A Chess Game by Paul Goodman


The chessboard was reflected in her eyes

Eager to bear her, first I looked in her eyes.

I made a Spanish move, an ancient one,

and broken was the red rank of pawns in her light eyes.

Then I lowered my eyes from that chessboard

and Love said, “Oh not her; conquer the king if you can.”

 

My eyes I lowered to the checkerboard

planted with lords in particolored fiefs.

My red soul hated the black chesspieces

And first my knights flew forth, to dominate.

I hovered over the pattern like a hawk

and Art said, “Do not win. The pattern is enough.”

 

Then the chess-game became luminous

and then I was not and then we were again,

and suddenly into the center came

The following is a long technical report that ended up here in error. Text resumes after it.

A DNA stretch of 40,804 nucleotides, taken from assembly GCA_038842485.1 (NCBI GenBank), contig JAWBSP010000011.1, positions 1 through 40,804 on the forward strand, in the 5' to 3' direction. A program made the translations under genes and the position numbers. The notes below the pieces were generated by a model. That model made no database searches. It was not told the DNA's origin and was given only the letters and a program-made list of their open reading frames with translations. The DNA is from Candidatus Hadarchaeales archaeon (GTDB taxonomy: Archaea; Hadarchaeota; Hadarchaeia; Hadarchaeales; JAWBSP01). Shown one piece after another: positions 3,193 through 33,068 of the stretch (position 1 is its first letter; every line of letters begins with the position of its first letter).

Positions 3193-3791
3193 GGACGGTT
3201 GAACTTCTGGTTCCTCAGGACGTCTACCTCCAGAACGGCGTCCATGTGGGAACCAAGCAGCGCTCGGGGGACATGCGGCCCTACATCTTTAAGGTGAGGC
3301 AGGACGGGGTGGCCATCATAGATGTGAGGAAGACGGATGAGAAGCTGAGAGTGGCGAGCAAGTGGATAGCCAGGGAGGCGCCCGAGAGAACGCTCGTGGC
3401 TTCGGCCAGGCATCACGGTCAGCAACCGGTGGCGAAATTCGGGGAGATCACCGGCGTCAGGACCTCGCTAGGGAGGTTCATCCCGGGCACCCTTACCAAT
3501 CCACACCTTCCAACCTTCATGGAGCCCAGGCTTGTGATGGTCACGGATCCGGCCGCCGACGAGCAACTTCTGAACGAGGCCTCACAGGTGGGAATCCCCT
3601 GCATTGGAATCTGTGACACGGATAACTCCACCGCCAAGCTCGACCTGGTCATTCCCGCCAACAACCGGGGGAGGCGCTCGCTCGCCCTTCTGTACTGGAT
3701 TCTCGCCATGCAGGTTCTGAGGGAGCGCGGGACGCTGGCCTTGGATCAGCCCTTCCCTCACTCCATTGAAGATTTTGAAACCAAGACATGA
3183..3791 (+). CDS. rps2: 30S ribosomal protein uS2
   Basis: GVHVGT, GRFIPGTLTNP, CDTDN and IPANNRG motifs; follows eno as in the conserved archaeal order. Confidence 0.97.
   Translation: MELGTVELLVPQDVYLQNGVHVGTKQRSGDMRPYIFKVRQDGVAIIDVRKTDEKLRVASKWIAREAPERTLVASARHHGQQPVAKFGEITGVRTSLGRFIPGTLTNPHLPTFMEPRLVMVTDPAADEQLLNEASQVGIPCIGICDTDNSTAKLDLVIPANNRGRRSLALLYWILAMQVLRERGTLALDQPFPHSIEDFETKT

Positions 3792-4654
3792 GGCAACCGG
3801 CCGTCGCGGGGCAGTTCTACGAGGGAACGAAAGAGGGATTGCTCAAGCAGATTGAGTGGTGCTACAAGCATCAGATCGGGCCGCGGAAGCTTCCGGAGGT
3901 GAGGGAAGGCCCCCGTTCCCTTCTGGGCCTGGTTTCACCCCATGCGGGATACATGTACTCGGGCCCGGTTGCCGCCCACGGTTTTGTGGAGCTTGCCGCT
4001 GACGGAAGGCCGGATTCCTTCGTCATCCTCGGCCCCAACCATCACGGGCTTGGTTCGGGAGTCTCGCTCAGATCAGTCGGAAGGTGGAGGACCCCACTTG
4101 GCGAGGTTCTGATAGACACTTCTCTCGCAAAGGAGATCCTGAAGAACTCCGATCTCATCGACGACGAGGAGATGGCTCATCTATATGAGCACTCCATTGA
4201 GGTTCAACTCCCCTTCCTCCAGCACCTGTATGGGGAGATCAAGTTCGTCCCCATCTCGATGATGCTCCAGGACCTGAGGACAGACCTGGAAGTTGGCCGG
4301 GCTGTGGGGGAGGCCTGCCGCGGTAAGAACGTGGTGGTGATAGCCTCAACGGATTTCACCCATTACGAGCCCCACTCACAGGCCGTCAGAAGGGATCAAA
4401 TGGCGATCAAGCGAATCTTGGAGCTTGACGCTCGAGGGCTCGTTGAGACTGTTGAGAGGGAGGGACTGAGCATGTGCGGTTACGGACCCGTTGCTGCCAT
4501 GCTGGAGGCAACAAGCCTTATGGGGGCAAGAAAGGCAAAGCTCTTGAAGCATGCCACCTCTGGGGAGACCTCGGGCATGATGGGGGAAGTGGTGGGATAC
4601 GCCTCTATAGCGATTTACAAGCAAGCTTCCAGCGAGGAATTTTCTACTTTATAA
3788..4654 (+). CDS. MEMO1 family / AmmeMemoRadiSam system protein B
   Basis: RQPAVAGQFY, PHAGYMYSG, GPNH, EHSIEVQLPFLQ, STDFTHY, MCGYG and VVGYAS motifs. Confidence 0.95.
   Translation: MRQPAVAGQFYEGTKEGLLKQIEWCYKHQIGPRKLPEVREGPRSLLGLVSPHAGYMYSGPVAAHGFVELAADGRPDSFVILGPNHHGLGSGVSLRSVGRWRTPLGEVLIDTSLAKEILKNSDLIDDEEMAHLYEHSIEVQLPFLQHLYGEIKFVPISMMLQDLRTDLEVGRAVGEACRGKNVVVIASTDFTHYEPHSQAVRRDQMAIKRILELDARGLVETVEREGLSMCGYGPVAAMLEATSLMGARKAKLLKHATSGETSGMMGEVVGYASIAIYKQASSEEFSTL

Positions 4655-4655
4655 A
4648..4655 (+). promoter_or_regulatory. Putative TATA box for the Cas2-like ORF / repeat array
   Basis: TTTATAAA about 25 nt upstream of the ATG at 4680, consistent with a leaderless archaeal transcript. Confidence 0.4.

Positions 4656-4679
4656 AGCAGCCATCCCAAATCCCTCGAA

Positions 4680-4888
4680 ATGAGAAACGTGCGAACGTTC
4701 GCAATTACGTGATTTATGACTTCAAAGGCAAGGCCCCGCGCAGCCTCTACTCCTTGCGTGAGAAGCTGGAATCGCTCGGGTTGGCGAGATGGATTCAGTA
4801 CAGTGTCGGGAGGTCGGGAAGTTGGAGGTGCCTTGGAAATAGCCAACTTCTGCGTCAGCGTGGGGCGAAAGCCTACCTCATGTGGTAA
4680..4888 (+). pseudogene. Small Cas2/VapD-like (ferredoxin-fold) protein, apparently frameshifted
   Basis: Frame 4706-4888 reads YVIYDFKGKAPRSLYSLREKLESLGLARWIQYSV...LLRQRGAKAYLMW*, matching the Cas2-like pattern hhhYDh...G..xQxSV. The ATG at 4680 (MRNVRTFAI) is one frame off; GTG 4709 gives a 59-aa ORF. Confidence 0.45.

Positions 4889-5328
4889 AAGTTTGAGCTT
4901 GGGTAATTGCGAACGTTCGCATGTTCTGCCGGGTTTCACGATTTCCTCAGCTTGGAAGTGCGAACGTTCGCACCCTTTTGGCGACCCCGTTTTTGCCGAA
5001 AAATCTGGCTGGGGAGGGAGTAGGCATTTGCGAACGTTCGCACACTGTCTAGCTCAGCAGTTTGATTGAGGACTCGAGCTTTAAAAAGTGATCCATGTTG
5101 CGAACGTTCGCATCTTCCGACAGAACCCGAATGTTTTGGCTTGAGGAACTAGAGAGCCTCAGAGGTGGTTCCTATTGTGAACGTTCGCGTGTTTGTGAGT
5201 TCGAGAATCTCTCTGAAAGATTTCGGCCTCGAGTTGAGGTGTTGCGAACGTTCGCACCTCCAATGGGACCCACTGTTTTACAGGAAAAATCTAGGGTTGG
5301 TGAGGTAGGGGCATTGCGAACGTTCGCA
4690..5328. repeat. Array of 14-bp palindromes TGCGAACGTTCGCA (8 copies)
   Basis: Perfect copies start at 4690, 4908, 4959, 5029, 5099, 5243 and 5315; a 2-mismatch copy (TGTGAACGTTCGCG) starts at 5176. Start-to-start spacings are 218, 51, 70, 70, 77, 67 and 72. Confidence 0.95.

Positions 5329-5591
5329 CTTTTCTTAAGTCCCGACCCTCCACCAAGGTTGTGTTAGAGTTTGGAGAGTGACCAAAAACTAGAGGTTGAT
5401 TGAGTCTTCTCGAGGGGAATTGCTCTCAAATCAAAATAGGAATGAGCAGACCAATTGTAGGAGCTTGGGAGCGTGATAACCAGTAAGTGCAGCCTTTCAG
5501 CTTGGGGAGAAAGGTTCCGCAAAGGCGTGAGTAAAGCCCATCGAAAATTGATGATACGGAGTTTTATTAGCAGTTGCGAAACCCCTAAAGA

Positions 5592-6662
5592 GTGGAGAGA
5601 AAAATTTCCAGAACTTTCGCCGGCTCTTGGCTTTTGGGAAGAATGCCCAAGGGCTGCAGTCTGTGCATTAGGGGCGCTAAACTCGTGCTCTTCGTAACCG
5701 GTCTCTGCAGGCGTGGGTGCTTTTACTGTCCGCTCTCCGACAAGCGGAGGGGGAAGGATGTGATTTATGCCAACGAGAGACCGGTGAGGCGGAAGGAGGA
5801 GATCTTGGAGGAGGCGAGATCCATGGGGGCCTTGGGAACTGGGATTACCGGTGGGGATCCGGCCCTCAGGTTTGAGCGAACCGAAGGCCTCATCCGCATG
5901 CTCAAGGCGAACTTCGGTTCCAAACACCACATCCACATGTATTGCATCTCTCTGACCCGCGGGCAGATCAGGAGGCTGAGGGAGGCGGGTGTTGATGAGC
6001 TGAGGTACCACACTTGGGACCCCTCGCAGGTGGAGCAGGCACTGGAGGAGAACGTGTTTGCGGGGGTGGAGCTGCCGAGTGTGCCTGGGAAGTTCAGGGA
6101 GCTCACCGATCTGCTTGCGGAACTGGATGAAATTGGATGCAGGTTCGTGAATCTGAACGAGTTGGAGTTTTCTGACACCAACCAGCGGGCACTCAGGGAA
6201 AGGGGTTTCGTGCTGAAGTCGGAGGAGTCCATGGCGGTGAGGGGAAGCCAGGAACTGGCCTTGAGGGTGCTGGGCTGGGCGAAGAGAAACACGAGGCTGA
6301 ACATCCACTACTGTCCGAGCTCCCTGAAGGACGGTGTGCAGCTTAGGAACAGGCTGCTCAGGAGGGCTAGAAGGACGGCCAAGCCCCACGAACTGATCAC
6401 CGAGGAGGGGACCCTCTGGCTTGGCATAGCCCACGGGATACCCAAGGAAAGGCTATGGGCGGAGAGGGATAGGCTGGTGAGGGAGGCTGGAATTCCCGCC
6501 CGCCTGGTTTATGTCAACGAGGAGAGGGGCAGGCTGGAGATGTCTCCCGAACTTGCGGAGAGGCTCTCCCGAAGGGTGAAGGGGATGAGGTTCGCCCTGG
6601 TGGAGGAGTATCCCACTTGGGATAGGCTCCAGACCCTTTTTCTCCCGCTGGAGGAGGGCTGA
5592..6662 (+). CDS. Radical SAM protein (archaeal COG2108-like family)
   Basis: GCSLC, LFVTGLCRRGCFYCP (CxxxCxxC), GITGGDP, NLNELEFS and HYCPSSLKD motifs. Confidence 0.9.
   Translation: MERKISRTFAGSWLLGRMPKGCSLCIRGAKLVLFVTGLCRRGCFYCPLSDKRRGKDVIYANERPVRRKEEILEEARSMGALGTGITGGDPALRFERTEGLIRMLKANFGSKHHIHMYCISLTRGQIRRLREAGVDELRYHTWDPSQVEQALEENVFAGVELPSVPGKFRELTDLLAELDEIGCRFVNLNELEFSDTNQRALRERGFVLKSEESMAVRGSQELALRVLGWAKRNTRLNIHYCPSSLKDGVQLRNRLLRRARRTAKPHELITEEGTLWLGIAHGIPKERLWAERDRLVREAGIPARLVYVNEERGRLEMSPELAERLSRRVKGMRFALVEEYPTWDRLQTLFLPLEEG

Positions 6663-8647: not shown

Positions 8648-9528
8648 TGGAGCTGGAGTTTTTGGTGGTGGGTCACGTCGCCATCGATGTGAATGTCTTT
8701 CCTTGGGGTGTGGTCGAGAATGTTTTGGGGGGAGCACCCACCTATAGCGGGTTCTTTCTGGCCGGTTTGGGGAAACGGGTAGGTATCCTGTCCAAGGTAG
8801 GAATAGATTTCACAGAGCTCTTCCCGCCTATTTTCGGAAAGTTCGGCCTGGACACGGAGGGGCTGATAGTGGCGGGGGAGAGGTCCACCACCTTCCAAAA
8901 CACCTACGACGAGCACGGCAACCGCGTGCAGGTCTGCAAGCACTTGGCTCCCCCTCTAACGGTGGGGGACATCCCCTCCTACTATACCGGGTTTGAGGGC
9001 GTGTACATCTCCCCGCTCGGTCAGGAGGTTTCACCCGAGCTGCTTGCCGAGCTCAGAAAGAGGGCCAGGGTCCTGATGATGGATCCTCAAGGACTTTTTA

of that luminous crisscross of mathematical

possibilities the Angel Fame

whose left wing was love and his right wing was death.

 

This poem can be found in the volume, The Oxford Book of American Poetry.

Think about how the poem made you feel. Do you catch yourself believing that love is a zero-sum game – that in order to win, another must lose?

May you live out another beautiful poem in the collection of your life today, and we’ll see you again tomorrow.

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